While the foregoing details what is felt to be the preferred embodiment of the invention, no material limitations to the scope of the claimed invention are intended. Further, features and design alternatives that would be obvious to one of ordinary skill in the art are considered to be incorporated herein. The scope of the invention is set forth and particularly described in the claims hereinbelow.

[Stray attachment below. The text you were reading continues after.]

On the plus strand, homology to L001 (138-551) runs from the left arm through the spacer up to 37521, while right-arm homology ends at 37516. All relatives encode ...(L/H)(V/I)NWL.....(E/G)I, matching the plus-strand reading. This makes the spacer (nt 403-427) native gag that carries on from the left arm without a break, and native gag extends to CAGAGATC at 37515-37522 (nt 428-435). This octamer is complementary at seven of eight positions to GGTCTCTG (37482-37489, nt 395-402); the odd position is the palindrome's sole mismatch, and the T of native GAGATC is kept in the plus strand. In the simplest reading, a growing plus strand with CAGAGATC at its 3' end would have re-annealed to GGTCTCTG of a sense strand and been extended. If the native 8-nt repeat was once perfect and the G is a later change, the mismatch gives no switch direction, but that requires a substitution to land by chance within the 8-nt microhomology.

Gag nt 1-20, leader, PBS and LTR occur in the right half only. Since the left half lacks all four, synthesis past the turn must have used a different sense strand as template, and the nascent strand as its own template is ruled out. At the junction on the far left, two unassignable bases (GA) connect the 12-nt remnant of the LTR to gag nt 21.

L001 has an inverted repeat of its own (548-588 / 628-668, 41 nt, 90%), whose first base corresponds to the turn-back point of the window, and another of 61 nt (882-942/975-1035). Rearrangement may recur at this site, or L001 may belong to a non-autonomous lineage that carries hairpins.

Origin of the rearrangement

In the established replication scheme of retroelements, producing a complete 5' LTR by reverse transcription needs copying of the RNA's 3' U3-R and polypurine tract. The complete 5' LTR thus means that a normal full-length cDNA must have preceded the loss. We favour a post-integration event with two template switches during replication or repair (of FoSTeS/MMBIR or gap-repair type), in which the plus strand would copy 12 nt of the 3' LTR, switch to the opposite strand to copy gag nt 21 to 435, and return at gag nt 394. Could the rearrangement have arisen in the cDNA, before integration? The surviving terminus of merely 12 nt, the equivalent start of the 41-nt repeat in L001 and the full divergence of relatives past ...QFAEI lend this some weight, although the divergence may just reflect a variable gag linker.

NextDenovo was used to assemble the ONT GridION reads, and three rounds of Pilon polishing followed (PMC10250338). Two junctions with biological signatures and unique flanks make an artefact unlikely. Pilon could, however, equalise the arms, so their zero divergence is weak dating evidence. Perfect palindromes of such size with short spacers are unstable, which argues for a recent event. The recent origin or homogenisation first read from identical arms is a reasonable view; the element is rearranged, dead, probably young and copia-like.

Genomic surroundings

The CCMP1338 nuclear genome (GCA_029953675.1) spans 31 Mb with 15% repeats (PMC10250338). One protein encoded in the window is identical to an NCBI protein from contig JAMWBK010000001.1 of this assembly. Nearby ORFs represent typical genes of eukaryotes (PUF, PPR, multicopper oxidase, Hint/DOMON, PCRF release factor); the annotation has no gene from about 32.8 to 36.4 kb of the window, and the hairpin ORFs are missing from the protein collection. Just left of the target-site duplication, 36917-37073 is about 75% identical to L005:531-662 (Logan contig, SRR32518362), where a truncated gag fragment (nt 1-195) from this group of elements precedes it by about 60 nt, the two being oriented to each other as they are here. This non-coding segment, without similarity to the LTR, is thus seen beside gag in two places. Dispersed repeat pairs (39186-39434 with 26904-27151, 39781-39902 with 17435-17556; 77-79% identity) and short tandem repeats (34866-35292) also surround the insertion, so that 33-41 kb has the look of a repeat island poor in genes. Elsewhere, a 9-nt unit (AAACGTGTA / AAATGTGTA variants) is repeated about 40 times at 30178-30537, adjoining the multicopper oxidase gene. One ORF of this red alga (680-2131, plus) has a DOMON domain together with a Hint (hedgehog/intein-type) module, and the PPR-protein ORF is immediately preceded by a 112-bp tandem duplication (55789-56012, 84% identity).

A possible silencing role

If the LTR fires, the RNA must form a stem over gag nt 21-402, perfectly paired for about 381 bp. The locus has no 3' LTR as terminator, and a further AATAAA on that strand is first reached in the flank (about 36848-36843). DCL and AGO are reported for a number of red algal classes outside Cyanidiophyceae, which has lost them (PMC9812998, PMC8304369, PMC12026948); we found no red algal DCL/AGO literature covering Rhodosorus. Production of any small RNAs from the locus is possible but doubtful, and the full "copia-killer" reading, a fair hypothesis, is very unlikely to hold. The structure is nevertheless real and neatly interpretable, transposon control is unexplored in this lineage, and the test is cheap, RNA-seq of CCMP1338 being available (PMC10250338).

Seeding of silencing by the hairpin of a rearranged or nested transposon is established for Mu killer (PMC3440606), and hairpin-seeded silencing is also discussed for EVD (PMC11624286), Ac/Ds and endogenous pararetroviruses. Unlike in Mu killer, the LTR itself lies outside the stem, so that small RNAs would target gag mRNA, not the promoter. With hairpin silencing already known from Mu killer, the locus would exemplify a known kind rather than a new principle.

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|U.S. Classification||296/36, 296/10, 296/6, 296/32|
|International Classification||B62D33/02, B62D33/033|
|Cooperative Classification||B62D33/0207, B62D33/033|
|European Classification||B62D33/02D, B62D33/033|
|Sep 29, 2004||REMI||Maintenance fee reminder mailed|
|Feb 22, 2005||SULP||Surcharge for late payment|
|Feb 22, 2005||FPAY||Fee payment|
Year of fee payment: 4
|Sep 22, 2008||REMI||Maintenance fee reminder mailed|
|Mar 13, 2009||LAPS||Lapse for failure to pay maintenance fees|
|May 5, 2009||FP||Expired due to failure to pay maintenance fee|
Effective date: 20090313